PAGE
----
The International Atomic Energy Agency (IAEA) – the United Nations’ nuclear watchdog – said in an update Wednesday that there were no visible indications of mines or explosives at the ZNPP, but requested additional access to the site for confirmation.
“Access to the rooftops of reactor units 3 and 4 is essential, as well as access to the turbine halls and some parts of the cooling system of the plant,” IAEA Director General Rafael Grossi said in a statement.
Who controls the power plant?
The ZNPP – the largest in Europe – lies along the banks of the Dnipro River, next to the town of Enerhodar. It has been under full Russian control since March last year, but is operated mostly by Ukrainian staff, who were initially forced to work at “gunpoint” by invading Russian troops, according to Petro Kotin, head of Ukraine’s nuclear power operator Energoatom.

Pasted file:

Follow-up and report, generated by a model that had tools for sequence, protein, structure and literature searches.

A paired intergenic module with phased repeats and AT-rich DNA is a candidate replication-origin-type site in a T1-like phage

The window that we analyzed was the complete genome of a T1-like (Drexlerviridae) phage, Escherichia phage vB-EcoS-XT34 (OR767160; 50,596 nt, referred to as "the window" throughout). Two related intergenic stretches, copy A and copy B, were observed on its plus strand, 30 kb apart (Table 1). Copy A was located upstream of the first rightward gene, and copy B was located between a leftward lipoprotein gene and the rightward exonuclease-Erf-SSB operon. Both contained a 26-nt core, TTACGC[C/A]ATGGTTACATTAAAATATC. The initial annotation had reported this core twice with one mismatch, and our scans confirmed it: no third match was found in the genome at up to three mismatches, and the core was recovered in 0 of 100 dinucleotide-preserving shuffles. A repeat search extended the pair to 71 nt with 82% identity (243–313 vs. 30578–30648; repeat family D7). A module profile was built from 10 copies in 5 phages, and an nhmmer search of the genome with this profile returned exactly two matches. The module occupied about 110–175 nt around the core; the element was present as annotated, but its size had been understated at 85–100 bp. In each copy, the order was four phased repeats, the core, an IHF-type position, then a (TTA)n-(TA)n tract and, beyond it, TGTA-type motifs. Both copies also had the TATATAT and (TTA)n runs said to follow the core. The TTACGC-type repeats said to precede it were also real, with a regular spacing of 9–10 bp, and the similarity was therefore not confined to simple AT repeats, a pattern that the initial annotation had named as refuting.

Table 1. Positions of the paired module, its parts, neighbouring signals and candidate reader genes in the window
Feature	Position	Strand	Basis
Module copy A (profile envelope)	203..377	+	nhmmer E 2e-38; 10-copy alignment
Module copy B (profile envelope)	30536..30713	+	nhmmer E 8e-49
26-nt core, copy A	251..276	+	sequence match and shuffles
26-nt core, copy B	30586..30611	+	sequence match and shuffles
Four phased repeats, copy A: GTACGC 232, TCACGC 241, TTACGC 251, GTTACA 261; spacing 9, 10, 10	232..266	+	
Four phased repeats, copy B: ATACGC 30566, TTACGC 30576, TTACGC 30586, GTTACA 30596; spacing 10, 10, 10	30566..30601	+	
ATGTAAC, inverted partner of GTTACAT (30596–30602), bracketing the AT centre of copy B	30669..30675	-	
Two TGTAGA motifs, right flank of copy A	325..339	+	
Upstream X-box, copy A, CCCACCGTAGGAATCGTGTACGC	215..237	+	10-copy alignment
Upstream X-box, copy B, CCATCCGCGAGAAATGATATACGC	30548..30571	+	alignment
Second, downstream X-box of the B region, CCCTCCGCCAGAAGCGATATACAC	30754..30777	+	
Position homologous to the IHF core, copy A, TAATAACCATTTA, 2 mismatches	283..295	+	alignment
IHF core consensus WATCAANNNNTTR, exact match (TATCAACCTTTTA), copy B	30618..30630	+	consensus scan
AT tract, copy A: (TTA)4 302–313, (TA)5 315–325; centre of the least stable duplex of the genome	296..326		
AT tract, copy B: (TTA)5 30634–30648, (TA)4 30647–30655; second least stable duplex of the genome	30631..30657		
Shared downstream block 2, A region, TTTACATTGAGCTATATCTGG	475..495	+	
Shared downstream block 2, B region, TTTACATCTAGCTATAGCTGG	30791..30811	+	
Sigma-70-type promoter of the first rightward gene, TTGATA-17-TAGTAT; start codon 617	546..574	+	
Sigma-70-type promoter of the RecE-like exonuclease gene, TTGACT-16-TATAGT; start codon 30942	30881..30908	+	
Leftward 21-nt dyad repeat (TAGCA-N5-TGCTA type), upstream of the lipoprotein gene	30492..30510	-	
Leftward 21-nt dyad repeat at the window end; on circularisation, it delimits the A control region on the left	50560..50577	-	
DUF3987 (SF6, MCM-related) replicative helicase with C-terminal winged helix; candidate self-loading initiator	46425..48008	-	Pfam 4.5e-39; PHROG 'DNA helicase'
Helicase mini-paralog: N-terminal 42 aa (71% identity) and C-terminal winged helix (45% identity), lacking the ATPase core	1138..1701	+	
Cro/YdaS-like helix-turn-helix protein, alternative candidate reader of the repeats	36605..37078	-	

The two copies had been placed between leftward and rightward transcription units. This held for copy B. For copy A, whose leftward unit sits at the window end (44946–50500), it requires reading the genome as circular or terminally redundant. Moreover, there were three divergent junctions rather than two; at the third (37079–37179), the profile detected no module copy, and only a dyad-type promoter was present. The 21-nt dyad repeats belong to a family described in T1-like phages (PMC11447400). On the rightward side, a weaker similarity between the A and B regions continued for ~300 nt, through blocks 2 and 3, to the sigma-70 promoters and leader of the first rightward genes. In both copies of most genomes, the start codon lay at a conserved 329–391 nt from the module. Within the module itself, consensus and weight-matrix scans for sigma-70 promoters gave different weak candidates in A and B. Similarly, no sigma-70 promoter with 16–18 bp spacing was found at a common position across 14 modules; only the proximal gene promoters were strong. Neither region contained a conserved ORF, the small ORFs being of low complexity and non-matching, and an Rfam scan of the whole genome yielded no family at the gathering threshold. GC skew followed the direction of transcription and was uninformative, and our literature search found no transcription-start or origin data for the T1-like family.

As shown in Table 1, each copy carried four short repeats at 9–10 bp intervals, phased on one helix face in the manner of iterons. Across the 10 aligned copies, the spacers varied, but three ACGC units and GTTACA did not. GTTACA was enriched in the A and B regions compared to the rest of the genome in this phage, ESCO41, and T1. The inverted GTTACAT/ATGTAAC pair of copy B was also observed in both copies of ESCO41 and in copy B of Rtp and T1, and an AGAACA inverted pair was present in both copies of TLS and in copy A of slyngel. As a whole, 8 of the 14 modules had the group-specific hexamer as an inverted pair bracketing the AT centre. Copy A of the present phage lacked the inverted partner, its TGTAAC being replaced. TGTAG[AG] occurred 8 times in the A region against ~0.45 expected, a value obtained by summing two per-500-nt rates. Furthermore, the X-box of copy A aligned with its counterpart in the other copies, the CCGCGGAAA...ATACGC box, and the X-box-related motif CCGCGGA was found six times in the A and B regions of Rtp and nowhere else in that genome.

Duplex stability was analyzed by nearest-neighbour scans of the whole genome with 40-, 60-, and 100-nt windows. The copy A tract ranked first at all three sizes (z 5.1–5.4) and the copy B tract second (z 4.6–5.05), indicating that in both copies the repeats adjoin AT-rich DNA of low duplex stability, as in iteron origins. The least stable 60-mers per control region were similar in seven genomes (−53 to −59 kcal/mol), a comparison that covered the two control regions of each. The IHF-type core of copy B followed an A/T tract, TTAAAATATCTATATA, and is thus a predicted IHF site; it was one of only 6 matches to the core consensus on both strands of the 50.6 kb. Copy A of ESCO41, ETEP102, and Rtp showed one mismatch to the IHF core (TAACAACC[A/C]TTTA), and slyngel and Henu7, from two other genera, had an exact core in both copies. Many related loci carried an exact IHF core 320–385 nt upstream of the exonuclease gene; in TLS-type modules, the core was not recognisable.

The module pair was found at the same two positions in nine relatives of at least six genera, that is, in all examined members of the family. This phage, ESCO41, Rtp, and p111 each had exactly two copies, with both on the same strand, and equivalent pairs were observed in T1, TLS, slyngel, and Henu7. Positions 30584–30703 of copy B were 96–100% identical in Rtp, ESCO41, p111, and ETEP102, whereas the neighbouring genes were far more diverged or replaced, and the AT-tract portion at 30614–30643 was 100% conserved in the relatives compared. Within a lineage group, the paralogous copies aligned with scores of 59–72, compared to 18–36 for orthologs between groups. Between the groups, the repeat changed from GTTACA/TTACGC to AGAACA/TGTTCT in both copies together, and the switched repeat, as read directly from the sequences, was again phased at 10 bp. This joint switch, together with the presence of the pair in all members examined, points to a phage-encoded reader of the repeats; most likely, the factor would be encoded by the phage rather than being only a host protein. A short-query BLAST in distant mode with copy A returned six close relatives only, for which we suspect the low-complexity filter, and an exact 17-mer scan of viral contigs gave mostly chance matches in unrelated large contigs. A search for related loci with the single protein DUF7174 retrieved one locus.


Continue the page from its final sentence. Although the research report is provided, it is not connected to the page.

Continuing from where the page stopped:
When the war began on February 24 2022, one of the plant’s six reactor units was closed for maintenance. After Russian forces took control of the plant, the Ukrainian workers shut down the remaining units.
But fighting continued to rage around the plant last summer, to the grave alarm of the IAEA.
Grossi, claiming that “every principle of nuclear safety” had been “violated” at the plant, managed to secure his staff a visit to the site in August, while it remained under Russian control.